Annemarie’s grandparents were Anna and Jan, Afrikaners in South Africa. They married when Anna was 18 (her first marriage) and Jan was 36 (his second). Jan was the younger brother of Anna’s stepfather Andries, who married Anna’s mother, Maria and fathered Anna’s half sister Igna. With me so far?

How much DNA can we expect the children of Anna and Jan to share with a grandchild of Andries and Maria? They would be half first cousins (h1C), because Igna and Anna were half sisters and also first cousins once removed (1C1R) through the brothers Jan and Andries. If so, we’d expect them to share ≈425 cM through the first relationship and another ≈425 cM through the second, totaling approximately 850 cM, the same amount as full first cousins.

But they didn’t. “S”, the granddaughter of Andries and Maria, shares only 679, 635, and 592 cM with three daughters of Anna and Jan (M, A, and A, respectively). What’s more, “P”, a grandchild of Jan’s first marriage, shares only 156 cM with S, on the low end for the expected 2C relationship.

Are these observations just normal variation, or do they mean something more? Annemarie suspected that Jan might have been a half brother to Andries or might even have been adopted into the family. How can we tell? Annemarie’s question, posted to The DNA Roundtable Facebook group, is a fabulous opportunity to explore complex pedigree analysis.

DNA-based Relationship Tools

Tools like the Shared cM Tool and What Are the Odds? can indicate which relationships are most likely for two or more people based on how much autosomal DNA they share. Basically, a computer program simulated thousands of first cousins and thousands of second cousins (and so on) to see what the typical shared DNA amounts are for each. With a little more analysis, we can then compare what’s expected for a given relationship with what we actually see.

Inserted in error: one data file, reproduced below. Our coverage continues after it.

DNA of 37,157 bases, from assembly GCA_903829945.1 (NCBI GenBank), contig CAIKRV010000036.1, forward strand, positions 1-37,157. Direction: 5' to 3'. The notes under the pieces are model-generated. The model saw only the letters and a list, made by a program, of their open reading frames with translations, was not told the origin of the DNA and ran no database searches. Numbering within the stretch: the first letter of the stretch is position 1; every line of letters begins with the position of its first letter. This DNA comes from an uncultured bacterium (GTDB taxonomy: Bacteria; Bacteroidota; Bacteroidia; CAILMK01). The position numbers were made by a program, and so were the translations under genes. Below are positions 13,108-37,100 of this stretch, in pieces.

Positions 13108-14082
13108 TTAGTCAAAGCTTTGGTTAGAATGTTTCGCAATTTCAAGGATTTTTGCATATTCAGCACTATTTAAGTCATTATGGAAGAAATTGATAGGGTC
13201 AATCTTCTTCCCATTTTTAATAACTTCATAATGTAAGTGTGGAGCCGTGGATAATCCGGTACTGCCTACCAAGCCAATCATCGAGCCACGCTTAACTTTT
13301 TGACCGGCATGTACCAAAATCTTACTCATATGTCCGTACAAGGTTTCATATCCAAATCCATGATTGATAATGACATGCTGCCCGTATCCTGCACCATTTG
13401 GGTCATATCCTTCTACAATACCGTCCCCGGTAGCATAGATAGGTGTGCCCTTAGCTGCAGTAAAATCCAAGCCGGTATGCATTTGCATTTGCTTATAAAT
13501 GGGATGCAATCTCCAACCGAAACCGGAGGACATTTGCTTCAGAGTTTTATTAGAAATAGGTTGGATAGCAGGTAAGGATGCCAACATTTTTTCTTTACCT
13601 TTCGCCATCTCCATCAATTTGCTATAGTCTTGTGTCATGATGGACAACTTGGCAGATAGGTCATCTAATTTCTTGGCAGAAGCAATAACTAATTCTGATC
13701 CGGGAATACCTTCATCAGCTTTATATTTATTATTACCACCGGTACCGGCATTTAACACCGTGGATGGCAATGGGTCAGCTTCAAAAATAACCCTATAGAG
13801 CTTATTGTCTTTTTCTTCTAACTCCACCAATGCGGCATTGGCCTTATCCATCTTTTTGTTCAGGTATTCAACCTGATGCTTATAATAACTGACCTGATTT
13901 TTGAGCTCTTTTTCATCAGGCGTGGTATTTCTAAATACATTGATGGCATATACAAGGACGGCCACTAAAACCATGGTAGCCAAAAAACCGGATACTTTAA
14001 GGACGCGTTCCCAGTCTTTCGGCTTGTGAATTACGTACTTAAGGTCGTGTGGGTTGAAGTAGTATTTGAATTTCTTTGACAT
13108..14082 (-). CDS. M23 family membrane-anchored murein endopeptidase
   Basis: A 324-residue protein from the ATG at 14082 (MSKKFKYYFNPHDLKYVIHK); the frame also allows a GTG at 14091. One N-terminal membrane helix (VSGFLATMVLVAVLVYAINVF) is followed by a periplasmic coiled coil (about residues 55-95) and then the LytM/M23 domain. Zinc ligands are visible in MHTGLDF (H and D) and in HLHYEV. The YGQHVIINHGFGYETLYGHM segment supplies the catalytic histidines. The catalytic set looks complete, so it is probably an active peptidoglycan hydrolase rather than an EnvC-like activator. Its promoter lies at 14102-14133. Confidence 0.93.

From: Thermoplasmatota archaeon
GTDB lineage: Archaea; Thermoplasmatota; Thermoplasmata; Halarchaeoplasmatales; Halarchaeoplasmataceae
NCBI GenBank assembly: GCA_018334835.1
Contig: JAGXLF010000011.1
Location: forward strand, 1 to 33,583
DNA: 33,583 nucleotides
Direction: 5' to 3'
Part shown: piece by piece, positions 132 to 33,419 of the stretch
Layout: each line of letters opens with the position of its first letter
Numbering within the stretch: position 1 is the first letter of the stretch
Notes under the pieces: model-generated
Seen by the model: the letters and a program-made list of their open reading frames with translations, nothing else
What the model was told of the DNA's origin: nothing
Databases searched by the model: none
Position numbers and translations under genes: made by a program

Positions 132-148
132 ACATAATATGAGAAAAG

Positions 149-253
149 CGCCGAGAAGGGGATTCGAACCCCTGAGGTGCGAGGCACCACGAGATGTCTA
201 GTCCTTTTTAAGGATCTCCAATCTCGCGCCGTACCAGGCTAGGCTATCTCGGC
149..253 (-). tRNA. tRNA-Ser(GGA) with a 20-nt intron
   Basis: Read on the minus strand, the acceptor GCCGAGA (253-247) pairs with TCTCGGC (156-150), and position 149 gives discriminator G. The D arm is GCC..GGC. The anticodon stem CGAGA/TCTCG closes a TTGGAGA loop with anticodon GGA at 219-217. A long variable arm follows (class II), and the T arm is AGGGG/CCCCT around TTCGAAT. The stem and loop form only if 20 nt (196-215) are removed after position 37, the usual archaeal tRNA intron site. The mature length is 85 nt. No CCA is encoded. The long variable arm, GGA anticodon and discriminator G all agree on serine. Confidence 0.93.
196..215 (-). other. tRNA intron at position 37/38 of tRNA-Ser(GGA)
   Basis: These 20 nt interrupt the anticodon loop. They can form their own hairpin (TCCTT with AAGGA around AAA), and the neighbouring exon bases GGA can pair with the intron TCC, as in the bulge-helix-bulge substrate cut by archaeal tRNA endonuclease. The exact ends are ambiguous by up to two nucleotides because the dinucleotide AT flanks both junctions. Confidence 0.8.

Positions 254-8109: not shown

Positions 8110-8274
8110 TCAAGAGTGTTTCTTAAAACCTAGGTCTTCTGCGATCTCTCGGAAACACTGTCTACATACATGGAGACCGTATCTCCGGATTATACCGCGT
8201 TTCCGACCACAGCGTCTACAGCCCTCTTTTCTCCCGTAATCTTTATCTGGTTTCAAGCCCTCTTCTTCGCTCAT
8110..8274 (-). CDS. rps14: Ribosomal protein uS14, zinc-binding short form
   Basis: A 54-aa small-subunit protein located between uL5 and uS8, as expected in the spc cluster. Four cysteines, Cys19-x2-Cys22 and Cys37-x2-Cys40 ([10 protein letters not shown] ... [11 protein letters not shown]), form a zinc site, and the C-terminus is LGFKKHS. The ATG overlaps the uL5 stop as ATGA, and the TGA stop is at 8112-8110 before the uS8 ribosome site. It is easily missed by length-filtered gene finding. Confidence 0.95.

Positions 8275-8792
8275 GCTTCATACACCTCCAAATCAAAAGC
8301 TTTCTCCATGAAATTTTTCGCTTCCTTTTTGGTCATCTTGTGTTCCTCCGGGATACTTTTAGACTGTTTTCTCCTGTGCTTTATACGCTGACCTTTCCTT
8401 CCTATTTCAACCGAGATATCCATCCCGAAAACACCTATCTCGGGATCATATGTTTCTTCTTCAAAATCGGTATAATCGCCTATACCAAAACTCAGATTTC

However, those tools assume everyone is related only once. That’s obviously not the case here. For Annemarie’s question, we need data that can account for the double relationship between S and M+A+A. We need *custom* simulations.

A couple of software tools are available that can do such simulations for genetic genealogy, but they are not for the faint of heart, and they don’t do the statistical analyses we need to test genealogical hypotheses. I used one called Ped-sim to help Annemarie after making some tweaks to the workflow to align it better with the DNA tests we use for genealogy. (For the nerdy: I used sex-specific crossover rates, accounted for crossover interference, and used a genetic map of ≈3500 cM.)

### The Hypotheses

I tested three hypotheses for Jan’s place in the tree:

- Hypothesis 1 (H1): He was a full brother to Andries.
- Hypothesis 2 (H2): He was a half brother to Andries.
- Hypothesis 3 (H3): He was a first cousin to Andries and adopted by Andries’ mother.

In the diagrams below, the hypotheses are shown in black, and the DNA testers are in blue. The branch in question is red.

The table below shows how each pair of DNA testers would be related to one another under each hypothesis. Because M, A, and A are full siblings to one another and have the same relationships to S and P, they were treated as one entity, “MAA”.

Next, I simulated DNA match data between S and MAA and between S and P for each hypothesis. Note that the relationship between P and MAA is the same for all three hypotheses, so there was no need to simulate or analyze those matches. I did 10,000 simulations for each relationship pair for each hypothesis, and used the results to generate expected histograms that we can compare to the actual match data.

### Were Jan and Andries Brothers?

*Total cM *

This first set of histograms shows the total amounts of shared DNA between S and P (top of figure) and between S and MAA (bottom). In each figure, the histograms represent, from left to right, H3 (blue), H2 (green), and H1 (red). The black arrowheads mark the actual shared DNA amounts. The highest bar beneath each arrowhead is the most likely relationship for that match.

The match between S and P is equivocal between H1 and H2 (the bars are almost the same height) but strongly disfavors H3. Eyeballing the bar heights, I estimated the probabilities at ≈51% for H1, ≈46% for H2, and ≈3% for H3.

The matches between S and M, A, and A all favor H2, with rough probabilities of ≈49%, ≈54%, and ≈54%.